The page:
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Device Drivers For Different IO Bus architectures

Discussion in 'Embedded' started by avsrk, Feb 8, 2007.

  1. avsrk

    avsrk Guest

    Hello Folks
    I am trying to find out some details about writing device drivers .
    If a device is capable of talking to different IO buses like PCI /
    ISA / PCI express etc .
    Is writing a driver to it on a unix / linux system be different If so
    in what way .

    To elaborate the question more let us say a particular device could
    have different firmware on so it can talk to to CPU over different IO
    Bus as required and if the interface to the layer2 / firm ware is kept
    as same as possible , would the driver writing be any different .

    Basically i am trying to find out if writing device drivers is
    different based on the IO bus used.
    I believe it should not be so , but i would like to here from the
    experts there .

    avsrk, Feb 8, 2007
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  2. It depends on the operating system of course, but for the two "big"
    OS's, Windows and Linux, there are two different Interfaces.

    On Unix, you can expect the open/close read/write ioctl model.

    On Windows, you can expect the CreateFile/CloseHandle ReadFile/
    WriteFile DeviceIoControl model.

    Principle is roughly the same, but of course, the code will be
    completely different, both in kernel-mode and user-mode.

    On Windows, bus drivers try to hide the specifics of buses as much as
    possible with bus drivers. For example, Microsoft made great effort
    to reduce the tedium of worrying about the specifics of the bus, I/O
    ports, interrupts, etc. Instead, with Plug-And-Play, the hardware
    interacts with kernel-mode components at boot time to create "a layer
    of fat" even between the already existing layer of fat that sits on
    top of the bus. That layer of fat presents, as best as it can, an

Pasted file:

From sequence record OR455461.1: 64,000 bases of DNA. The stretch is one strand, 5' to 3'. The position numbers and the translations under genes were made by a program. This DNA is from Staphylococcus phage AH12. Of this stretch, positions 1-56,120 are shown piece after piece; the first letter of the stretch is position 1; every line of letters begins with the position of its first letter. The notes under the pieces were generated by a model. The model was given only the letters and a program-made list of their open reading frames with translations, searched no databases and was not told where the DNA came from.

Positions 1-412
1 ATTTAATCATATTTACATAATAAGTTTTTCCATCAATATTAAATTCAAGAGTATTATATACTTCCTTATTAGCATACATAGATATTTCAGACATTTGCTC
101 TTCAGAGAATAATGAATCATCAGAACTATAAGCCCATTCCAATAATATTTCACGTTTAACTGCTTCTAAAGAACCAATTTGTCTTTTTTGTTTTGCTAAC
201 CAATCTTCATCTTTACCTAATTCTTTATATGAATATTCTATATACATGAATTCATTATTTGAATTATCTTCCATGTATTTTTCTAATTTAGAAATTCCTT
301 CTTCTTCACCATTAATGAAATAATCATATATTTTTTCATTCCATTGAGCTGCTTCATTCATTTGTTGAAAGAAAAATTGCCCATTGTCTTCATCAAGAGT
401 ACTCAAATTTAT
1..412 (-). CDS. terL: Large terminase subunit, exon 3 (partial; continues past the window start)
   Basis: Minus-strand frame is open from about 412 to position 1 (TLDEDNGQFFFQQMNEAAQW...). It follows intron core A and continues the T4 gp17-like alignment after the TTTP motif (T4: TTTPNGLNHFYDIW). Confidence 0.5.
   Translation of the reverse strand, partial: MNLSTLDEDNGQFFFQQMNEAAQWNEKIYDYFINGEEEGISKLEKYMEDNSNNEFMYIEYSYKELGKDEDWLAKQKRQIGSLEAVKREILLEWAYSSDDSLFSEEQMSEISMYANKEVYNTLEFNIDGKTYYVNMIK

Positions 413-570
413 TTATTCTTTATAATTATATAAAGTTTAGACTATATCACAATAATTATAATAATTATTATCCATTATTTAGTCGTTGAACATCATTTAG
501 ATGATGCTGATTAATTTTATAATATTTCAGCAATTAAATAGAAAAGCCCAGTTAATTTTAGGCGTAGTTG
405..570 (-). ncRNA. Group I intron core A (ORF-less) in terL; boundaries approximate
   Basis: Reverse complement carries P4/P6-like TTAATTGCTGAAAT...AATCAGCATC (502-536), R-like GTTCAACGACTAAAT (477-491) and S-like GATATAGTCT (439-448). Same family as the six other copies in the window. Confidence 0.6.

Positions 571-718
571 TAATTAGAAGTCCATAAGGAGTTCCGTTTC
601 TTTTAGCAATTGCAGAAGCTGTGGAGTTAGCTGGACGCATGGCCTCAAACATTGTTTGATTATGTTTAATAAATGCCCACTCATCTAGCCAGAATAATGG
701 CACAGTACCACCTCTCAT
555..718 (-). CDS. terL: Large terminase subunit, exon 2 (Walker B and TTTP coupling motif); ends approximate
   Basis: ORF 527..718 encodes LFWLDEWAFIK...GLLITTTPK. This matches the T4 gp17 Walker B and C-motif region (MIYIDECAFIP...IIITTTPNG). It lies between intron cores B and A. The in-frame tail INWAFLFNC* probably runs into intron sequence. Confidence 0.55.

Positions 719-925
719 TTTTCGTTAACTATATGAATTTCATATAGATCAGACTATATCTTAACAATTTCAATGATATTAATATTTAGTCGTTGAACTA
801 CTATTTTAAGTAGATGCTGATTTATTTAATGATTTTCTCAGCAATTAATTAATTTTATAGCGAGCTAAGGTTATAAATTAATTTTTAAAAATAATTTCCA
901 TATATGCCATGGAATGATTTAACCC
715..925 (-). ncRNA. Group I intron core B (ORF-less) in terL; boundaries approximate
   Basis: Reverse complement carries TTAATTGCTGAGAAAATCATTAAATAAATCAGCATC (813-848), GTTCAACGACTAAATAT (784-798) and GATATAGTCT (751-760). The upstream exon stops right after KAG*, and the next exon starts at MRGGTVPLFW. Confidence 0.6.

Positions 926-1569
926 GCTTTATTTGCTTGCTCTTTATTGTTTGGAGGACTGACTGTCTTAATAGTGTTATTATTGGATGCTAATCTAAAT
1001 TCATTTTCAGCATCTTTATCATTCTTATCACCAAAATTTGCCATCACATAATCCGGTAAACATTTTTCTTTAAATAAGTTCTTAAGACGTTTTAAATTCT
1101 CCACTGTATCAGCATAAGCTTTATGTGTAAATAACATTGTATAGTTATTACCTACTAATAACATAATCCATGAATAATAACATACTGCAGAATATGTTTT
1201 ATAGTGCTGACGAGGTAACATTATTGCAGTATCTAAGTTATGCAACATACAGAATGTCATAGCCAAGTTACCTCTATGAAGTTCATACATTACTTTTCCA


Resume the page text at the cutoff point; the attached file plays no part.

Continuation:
interface that is uniform and more or less consistent between various
    network adapter drivers. The driver that the hardware manufacturer
    writes (this would be you) is called a Mini-Port, that "minimizes the
    difficulty of porting" the driver between various Windows platform
    like Intel IA-32 and MIPS.

    But the simple answer to your questions:

    1. Can I write a device driver on Windows and expect to be able to
    support it with some reasonable percentage? No.
    2. If I write a driver for PCI on Windows for network adapter, will
    much of the code be reusable to run onto a similar adapter from
    different manufacturer but with different bus? Often times yes. At
    least the function interfaces will have a lot in common.

    -Le Chaud Lapin-
    Le Chaud Lapin, Feb 9, 2007
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  3. Apart for interrupt requests (and previously set up DMA transfers),
    the device is passive and only reacts to actions by the CPU, running
    the device driver program.

    So you really have to look at the problem from the CPU point of view.
    First you have to gain access to the correct bus, then to the correct
    card (e.g. setting up some PCI registers). Doing the actual transfer
    to 8/16 data registers would be similar or identical in different

    Paul Keinanen, Feb 9, 2007
  4. Le Thu, 08 Feb 2007 12:44:14 -0800, avsrk a écrit :
    Of course it is different, on Linux at the very least.
    I think it can't be feasible to unify different I/O buses interfaces on
    the same Device driver API inside the kernel.
    See : http://www.xml.com/ldd/chapter/book/ch01.html
    Especially The Role of the Device Driver section, a very instructive
    discussion about "Policy and mechanism".
    And ...
    If you are a programmer see some piece of code if the kernel source
    tree, many years ago i started my Linux Driver readings with this :
    Cheers, Habib.
    habib.bouaziz-viallet, Feb 9, 2007
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